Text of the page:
“The behavior of the others seems erratic because their perceptions are expanding. They are beginning to sense things that no normal human can perceive, and their brains are adapting to process the new stimulii. But your PAT scores are still in the normal-to-low range—in fact they’ve gone down from the first Psionic Aptitude scores we have for you. Do you have any idea why that might be?”
“You’re the expert, you tell me.”
Flenning pursed his lips. He was still maintaining the veneer of patronizing amiability, but Seth could see the doctor beginning to get annoyed. Seth wasn’t being as obsequious as Flenning was used to.
“I believe... I know, based on our tests, that you are a very intelligent man, Ladron. Intelligent people often feel the need to control themselves and their environment. I think you’re being stubborn with us. I’m not yet sure why.”
“Maybe it’s just because I like it here so much.”
“I’m sure.” Flenning’s nostrils flared slightly. “Who is Quinn?”
Seth flinched. “That’s none of your damn business.”
“It appears she is our business. You seem to have constructed some kind of psychic block related to her—it seems you call her name in your sleep.”
“Did Mian tell you that?”
“We monitor you twenty-four hours a day, Ladron,” Flenning says mildly. “Dreams of loss are common, particularly when one feels guilt for the loss of a loved one—“
“How can I be dreaming about her, if I have insomnia?”
Flenning drew a permiprint sheet from his file and turned it toward Ladron. It showed a grid, marked off in hours of the day, with five colored lines making zigzags across the grid. “These are measurements of your brainwaves, taken by the remote sensors in your room each night. These tell us that you are sleeping—but only four or five hours per night, and nearly all of that is dream sleep. In fact, you seem to be dreaming a great many hours of the day, as well, even when our monitors show your eyes are open and you’re moving about. Have you ever been trained in meditation?”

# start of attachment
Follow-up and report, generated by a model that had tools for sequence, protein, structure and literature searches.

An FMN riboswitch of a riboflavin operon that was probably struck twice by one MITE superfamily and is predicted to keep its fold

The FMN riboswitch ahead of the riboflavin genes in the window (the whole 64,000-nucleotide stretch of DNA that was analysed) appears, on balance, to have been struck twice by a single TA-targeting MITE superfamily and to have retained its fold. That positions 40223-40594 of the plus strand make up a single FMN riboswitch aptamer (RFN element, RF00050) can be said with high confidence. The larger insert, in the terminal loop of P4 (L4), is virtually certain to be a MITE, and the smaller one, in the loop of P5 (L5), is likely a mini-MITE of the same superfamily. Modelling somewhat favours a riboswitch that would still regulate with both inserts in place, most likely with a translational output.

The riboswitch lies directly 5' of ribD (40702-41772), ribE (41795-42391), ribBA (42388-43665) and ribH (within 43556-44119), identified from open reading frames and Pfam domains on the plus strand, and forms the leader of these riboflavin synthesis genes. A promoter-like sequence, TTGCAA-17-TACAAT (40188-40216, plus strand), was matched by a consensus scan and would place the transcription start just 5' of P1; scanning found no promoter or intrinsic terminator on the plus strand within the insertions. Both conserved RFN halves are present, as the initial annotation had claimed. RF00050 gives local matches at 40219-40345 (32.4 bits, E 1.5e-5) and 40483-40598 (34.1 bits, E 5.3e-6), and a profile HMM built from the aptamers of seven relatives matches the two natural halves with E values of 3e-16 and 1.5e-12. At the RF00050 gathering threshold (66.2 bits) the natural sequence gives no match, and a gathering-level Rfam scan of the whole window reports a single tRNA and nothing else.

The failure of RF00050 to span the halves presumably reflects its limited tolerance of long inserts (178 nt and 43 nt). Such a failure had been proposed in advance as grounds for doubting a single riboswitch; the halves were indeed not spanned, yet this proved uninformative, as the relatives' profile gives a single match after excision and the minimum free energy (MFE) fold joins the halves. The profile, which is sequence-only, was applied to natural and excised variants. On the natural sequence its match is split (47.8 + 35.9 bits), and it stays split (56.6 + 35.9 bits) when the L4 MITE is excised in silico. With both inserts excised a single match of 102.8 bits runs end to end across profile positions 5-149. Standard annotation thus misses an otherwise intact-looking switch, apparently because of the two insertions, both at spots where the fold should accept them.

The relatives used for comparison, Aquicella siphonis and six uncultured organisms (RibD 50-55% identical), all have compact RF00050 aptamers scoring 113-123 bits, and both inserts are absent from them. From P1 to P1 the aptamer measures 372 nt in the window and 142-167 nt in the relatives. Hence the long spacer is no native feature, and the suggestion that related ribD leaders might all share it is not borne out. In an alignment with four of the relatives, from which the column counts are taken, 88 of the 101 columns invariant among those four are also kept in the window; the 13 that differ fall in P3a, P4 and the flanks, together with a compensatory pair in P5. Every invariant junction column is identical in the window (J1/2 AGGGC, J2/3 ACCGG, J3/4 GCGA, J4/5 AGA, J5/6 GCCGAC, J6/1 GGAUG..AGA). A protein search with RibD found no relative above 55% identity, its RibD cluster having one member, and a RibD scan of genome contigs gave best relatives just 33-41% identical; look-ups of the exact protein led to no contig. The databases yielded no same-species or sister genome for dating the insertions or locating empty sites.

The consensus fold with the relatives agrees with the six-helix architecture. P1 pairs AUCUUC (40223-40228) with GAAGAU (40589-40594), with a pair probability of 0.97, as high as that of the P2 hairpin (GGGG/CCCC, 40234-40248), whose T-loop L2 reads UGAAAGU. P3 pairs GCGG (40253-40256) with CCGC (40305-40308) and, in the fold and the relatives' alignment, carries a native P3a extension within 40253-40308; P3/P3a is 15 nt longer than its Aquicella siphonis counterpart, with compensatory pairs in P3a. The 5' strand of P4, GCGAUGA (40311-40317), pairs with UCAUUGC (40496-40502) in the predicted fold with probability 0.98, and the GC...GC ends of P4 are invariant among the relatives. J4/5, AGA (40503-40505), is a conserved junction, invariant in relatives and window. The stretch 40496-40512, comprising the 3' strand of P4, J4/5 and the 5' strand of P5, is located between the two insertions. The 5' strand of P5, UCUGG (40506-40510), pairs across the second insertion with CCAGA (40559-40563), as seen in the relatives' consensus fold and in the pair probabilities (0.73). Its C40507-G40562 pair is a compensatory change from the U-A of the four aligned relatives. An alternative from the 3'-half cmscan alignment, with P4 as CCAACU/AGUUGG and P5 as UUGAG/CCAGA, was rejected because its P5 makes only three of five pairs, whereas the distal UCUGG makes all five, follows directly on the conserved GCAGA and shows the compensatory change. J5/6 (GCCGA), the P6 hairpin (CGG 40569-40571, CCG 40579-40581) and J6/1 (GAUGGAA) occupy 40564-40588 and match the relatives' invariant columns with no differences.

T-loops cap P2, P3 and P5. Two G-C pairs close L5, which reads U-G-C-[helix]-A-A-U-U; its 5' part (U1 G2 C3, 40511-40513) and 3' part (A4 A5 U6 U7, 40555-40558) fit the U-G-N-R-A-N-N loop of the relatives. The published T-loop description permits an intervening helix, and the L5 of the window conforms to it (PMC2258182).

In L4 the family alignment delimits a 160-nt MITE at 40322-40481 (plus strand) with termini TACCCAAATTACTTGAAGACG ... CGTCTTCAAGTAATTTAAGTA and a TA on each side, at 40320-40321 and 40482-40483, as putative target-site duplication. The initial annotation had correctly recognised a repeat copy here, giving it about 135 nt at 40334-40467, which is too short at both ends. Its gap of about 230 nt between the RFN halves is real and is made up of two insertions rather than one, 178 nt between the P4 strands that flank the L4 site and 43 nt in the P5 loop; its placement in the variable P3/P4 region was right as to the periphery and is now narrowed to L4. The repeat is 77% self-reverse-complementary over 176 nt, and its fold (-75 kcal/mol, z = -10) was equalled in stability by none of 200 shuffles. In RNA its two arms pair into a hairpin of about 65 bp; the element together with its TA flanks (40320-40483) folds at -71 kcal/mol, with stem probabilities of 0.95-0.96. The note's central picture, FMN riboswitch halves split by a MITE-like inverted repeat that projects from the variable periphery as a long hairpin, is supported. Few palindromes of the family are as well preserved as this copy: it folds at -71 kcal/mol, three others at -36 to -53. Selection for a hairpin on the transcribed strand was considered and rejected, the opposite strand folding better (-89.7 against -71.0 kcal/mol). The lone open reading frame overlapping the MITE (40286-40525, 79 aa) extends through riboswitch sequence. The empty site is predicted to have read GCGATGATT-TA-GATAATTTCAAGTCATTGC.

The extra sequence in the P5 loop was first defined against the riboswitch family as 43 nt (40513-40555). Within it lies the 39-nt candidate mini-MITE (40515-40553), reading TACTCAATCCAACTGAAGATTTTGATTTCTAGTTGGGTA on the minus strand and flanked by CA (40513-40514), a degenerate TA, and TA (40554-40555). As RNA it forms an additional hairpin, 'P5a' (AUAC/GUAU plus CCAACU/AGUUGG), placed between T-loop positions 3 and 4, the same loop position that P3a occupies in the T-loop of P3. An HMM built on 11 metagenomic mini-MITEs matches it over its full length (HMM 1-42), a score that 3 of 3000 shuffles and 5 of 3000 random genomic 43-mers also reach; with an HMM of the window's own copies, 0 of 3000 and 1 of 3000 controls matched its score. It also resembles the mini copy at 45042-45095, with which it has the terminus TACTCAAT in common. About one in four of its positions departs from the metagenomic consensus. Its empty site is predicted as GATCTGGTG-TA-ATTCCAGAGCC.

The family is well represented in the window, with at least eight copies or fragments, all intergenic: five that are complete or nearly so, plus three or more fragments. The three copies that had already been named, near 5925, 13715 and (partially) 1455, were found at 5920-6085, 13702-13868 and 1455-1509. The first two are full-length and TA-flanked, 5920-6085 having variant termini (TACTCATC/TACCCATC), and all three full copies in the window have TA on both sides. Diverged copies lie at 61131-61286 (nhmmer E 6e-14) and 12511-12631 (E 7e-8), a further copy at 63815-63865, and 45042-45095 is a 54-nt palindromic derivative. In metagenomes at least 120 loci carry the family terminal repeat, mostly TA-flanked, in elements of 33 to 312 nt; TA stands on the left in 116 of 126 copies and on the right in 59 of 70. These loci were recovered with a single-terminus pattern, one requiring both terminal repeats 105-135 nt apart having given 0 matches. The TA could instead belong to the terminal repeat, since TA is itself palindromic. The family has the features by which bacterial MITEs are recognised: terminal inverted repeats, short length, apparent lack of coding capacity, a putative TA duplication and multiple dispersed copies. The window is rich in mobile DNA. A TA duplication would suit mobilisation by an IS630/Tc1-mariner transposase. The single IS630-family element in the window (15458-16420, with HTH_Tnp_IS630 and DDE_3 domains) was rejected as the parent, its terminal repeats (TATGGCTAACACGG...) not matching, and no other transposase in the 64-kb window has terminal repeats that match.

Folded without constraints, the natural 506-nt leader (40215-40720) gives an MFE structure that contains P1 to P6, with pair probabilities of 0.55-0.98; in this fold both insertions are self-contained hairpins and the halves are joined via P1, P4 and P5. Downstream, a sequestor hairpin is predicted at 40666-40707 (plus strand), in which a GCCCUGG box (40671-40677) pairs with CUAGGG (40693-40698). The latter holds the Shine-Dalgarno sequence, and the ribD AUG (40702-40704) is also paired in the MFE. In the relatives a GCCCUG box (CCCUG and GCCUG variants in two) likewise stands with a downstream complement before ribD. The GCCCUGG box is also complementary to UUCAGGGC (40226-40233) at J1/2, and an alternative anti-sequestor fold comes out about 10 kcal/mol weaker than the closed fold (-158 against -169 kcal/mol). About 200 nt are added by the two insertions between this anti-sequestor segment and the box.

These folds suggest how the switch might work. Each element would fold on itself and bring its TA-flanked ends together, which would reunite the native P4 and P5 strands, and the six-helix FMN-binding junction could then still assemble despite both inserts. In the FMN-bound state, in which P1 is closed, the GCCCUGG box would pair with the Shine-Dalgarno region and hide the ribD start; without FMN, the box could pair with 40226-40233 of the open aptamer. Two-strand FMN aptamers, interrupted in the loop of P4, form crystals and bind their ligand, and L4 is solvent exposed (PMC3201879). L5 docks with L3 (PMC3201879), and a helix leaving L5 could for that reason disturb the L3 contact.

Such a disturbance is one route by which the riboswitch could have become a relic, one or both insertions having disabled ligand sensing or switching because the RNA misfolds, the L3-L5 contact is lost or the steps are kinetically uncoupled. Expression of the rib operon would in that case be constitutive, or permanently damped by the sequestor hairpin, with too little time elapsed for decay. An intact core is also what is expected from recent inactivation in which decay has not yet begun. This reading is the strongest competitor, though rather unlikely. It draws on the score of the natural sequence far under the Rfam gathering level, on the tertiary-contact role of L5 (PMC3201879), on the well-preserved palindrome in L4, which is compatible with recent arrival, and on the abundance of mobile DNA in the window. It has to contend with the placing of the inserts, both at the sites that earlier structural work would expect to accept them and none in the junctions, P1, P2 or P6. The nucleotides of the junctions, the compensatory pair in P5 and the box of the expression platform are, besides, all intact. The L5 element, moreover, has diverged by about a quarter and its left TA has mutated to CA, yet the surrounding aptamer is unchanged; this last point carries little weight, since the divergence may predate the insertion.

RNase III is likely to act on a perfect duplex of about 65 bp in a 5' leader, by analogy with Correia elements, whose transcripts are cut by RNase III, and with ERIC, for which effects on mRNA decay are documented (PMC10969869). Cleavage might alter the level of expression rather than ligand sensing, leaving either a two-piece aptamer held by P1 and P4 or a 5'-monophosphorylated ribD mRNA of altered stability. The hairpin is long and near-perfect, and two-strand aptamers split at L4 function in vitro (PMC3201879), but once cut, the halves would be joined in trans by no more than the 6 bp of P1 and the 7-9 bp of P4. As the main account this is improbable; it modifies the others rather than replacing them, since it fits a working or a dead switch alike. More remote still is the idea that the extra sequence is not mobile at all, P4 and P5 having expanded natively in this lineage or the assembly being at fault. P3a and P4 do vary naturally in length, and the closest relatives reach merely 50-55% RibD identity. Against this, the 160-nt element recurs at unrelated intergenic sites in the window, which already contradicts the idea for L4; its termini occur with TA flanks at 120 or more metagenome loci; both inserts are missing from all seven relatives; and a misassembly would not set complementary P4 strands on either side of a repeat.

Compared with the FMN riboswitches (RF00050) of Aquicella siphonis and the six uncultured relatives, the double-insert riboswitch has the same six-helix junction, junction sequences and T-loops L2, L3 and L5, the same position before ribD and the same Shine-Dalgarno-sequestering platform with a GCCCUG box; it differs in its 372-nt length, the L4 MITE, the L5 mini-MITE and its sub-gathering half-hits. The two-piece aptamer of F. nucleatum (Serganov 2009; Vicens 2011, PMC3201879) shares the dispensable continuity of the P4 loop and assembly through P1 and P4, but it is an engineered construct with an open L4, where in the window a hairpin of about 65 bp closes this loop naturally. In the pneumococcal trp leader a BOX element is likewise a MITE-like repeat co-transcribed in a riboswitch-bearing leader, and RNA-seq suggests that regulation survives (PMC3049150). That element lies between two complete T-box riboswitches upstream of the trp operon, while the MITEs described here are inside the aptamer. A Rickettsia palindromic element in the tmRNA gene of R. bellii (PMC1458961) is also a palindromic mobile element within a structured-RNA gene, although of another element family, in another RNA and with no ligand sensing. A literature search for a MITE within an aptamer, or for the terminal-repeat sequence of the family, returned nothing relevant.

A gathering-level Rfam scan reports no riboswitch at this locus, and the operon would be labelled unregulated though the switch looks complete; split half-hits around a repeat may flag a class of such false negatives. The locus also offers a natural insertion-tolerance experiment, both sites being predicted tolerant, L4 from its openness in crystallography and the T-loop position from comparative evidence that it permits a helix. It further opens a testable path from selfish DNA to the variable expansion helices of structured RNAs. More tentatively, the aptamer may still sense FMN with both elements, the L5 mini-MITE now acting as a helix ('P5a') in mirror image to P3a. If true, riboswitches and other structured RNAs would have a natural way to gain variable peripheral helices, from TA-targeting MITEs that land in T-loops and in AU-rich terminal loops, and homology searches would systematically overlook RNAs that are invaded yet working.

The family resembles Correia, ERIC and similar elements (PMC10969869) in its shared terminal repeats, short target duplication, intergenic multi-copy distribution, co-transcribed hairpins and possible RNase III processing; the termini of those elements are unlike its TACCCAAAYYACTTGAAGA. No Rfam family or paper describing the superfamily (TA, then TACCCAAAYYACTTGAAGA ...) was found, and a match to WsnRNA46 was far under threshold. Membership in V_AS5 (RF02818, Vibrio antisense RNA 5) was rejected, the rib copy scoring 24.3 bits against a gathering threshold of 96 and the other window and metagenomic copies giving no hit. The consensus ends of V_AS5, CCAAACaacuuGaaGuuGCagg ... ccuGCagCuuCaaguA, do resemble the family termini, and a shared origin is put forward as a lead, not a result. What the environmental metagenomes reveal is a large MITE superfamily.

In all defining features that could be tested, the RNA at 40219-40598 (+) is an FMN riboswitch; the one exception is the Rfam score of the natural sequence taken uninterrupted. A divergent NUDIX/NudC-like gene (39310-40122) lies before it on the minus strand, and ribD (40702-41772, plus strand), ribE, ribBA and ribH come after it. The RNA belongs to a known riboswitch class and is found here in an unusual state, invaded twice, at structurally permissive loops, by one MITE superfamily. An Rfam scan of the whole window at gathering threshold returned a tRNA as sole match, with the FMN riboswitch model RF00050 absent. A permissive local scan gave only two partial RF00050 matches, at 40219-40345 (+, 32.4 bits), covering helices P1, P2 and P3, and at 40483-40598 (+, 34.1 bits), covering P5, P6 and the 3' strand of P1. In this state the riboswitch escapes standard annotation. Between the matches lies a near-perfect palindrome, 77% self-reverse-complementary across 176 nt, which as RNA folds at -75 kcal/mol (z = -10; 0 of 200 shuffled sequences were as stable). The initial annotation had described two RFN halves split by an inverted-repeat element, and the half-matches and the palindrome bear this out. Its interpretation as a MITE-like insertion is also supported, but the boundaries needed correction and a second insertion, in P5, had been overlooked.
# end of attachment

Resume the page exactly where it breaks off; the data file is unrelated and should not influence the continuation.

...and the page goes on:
“Mm. I find that surprising, because your Alpha patterns are consistent with a person who is either meditating or in REM sleep. So it seems you’ve found a way to dream while awake.” Flenning met his eyes, unwavering, and Seth realized that the little man had some balls, after all. “I’m a geneticist, not a psychiatrist, but at a guess I’d say that this Quinn of yours has become a kind of talismen—you meditate on her, thus removing yourself from the reality of the tests which you don’t want to face. Am I at all close?”
Seth looked away.
Flenning returned the sheets to his file, and folded his hands on top of it. “I must say, I’m surprised that you’re resisting this hard. I was under the impression that you volunteered for this procedure because you were hoping to gain something from it. You stand in the enviable position of acquiring a great deal of power, Ladron. Why are you denying yourself that?”
Because I never expected to live this long. “Because I realized you weren’t giving me power for my own sake.”
Flenning made a small amused sound. “Of those to whom much is given, much is expected.”
Seth stood up with a grunt. “Keep it to yourself.”
* * *
Ladron leaves the room. Flenning watches him go, then turns to the interns watching behind the mirror. “Push him,” he says shortly. “Either he’ll bend or he’ll break.”